# Basic Concepts

Paired-sample t-test (also called, dependent-sample t-test) compares means between two groups of observations that are NOT independent. For example, when you collected pre-test and post-test scores from the same group of students, the pre-test and post-test scores came from the same person (i.e., a within-subject design). Individuals with high pre-test scores were also likely to get high post-test scores, and those with lower pre-test scores were likely to have low post-test scores. In other words, the pre-test and post-test scores were correlated; they were NOT independent. Therefore, the assumption of independence observation was violated. We cannot just compare the means of pre- and post-test. Instead, we need to pair up the pre- and post-test scores and calcualte a difference (D) score for each person.

Let’s consider an example

p_id <- c(1:10) # participant's ID
pre <-  c(3, 5, 8,  8, 6, 9, 2, 3,  7, 5) #pre-test scores
post <- c(5, 8, 9, 10, 5, 9, 4, 2, 10, 7) #post-test scores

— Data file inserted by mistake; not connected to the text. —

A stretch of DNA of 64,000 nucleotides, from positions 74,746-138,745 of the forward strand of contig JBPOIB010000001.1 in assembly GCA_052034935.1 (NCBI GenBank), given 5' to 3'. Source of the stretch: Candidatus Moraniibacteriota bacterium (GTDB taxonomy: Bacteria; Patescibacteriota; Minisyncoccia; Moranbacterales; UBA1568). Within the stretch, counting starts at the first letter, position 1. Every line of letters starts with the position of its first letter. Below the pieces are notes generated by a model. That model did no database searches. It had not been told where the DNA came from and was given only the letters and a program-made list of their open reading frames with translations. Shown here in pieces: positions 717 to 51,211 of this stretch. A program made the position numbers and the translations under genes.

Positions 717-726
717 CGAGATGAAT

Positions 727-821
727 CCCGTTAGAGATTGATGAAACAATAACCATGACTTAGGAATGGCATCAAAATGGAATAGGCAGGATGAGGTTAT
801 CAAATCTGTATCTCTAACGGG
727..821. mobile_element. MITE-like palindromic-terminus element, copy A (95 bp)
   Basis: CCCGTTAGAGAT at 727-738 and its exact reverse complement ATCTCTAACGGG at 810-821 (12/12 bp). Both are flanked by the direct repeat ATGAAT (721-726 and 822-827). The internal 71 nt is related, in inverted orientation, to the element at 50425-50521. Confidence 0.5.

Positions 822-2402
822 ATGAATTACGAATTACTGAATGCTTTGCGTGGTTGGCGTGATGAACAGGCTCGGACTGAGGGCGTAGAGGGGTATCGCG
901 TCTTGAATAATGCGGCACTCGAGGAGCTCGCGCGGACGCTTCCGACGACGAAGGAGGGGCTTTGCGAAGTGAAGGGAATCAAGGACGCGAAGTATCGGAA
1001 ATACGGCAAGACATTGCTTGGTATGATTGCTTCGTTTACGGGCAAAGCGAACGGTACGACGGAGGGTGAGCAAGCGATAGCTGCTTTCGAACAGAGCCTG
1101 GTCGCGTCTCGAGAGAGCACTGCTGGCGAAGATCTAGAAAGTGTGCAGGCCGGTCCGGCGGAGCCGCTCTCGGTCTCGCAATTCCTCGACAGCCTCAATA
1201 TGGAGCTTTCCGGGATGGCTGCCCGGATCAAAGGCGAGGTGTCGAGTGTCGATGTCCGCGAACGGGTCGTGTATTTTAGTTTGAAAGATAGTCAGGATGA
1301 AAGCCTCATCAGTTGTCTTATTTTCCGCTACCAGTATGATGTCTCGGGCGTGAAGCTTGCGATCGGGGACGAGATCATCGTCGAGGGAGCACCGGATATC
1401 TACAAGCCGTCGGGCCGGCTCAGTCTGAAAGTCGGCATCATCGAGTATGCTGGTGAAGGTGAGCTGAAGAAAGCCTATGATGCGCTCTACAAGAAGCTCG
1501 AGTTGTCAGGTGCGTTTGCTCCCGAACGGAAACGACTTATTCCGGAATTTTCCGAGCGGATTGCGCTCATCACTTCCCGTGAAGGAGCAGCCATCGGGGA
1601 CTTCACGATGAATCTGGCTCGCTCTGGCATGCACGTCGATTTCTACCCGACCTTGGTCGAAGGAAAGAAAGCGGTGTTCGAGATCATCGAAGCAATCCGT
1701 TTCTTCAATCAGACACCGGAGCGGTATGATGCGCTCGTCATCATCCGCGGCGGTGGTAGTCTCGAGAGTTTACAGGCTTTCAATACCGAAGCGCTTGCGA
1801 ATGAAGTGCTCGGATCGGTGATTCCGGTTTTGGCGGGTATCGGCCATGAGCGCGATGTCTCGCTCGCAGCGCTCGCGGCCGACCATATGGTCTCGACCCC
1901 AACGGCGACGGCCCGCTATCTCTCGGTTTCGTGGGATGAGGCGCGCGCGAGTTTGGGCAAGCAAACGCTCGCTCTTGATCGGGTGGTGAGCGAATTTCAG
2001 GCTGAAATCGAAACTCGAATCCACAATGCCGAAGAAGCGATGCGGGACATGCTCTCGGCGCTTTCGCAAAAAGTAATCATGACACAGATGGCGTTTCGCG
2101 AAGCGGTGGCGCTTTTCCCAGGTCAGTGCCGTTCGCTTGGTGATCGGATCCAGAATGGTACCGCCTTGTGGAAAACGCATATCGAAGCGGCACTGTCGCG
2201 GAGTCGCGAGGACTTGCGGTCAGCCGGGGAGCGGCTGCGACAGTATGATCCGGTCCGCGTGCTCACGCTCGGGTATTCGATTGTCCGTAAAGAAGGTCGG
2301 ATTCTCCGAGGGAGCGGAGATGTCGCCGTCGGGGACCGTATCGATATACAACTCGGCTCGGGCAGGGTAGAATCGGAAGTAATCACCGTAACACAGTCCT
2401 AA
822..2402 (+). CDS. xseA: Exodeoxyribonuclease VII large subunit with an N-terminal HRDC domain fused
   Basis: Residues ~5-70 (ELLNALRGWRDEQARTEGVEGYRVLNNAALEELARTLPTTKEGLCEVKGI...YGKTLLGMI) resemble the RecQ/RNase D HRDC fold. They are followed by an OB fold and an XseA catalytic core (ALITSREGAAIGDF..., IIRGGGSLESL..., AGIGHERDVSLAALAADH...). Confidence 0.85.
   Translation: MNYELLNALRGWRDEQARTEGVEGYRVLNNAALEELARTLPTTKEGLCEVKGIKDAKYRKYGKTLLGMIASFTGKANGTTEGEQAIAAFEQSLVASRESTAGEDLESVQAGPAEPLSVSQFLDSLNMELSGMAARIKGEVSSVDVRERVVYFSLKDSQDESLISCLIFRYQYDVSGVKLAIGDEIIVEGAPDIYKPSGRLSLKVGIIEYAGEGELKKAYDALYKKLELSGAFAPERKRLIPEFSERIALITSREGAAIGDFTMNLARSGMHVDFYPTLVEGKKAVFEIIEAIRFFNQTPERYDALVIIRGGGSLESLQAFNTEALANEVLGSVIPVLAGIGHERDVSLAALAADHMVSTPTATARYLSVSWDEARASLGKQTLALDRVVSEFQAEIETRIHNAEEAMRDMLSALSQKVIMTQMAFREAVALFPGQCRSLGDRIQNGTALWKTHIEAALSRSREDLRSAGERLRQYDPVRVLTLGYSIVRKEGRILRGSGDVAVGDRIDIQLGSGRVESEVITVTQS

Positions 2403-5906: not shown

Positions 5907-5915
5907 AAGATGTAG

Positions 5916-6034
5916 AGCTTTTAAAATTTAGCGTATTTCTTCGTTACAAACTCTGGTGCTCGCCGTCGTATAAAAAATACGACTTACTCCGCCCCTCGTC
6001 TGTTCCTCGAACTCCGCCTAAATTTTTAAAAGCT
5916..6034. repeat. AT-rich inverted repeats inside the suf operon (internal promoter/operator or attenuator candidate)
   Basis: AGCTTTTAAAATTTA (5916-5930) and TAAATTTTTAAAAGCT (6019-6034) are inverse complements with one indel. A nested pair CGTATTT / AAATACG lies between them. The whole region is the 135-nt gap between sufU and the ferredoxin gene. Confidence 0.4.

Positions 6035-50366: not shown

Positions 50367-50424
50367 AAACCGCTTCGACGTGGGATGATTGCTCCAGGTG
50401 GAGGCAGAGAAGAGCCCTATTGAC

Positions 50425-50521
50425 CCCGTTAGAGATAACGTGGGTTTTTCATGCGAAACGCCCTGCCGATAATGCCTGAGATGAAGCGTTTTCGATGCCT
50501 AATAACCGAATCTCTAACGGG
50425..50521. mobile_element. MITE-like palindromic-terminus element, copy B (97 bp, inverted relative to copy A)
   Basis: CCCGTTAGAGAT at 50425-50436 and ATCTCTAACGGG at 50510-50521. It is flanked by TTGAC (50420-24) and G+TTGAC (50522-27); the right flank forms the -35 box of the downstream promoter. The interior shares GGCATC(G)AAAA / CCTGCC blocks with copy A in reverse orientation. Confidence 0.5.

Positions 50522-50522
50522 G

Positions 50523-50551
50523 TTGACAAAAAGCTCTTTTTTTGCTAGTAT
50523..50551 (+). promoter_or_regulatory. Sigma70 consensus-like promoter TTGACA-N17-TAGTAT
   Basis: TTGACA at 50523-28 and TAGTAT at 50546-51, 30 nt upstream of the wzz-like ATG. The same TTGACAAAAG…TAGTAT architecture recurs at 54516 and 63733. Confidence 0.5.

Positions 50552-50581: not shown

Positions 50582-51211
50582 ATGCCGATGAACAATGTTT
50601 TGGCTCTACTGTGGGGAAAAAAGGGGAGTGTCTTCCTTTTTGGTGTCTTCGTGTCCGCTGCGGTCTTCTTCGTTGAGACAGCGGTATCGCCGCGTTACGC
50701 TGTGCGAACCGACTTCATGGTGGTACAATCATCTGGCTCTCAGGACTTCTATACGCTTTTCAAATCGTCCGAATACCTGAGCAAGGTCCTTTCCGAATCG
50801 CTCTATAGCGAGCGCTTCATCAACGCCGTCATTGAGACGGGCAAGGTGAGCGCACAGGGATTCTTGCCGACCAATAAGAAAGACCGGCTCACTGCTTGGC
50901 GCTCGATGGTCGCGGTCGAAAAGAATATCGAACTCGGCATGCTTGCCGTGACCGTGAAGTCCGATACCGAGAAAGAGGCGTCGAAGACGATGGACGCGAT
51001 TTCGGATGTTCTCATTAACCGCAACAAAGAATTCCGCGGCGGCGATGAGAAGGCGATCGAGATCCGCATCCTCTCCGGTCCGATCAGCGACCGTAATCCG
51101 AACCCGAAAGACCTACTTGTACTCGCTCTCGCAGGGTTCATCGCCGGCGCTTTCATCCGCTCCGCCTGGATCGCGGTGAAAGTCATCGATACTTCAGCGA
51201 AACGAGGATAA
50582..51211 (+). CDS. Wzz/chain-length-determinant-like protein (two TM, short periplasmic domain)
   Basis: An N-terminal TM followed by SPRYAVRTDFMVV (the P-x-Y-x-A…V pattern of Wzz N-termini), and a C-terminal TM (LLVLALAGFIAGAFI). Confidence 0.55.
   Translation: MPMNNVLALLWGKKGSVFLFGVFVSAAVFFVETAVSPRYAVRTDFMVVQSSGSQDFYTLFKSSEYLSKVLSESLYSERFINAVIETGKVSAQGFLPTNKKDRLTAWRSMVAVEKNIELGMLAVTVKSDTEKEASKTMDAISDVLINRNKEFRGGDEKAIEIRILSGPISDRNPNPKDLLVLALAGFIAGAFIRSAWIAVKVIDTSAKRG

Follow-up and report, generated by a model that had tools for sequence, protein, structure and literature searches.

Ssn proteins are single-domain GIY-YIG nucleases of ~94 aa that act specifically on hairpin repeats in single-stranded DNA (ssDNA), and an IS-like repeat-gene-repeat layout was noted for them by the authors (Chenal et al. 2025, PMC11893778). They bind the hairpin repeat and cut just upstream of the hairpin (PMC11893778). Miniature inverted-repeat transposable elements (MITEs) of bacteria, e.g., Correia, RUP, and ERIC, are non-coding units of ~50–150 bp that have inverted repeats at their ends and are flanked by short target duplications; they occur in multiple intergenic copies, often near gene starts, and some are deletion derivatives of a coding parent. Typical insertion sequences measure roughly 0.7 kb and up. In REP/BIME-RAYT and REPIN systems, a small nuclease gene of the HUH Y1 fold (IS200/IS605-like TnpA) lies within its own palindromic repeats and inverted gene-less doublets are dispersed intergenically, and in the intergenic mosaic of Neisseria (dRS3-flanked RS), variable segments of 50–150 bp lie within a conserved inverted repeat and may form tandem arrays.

dat <- data.frame(p_id, pre, post) # create a data frame
dat
##    p_id pre post
## 1     1   3    5
## 2     2   5    8
## 3     3   8    9
## 4     4   8   10
## 5     5   6    5
## 6     6   9    9
## 7     7   2    4
## 8     8   3    2
## 9     9   7   10
## 10   10   5    7

We calculate the difference score (D = post - pre) for each person.

dat$D <- dat$post - dat$pre # calculate D score for each participant dat ## p_id pre post D ## 1 1 3 5 2 ## 2 2 5 8 3 ## 3 3 8 9 1 ## 4 4 8 10 2 ## 5 5 6 5 -1 ## 6 6 9 9 0 ## 7 7 2 4 2 ## 8 8 3 2 -1 ## 9 9 7 10 3 ## 10 10 5 7 2 library(psych) describe(dat$D)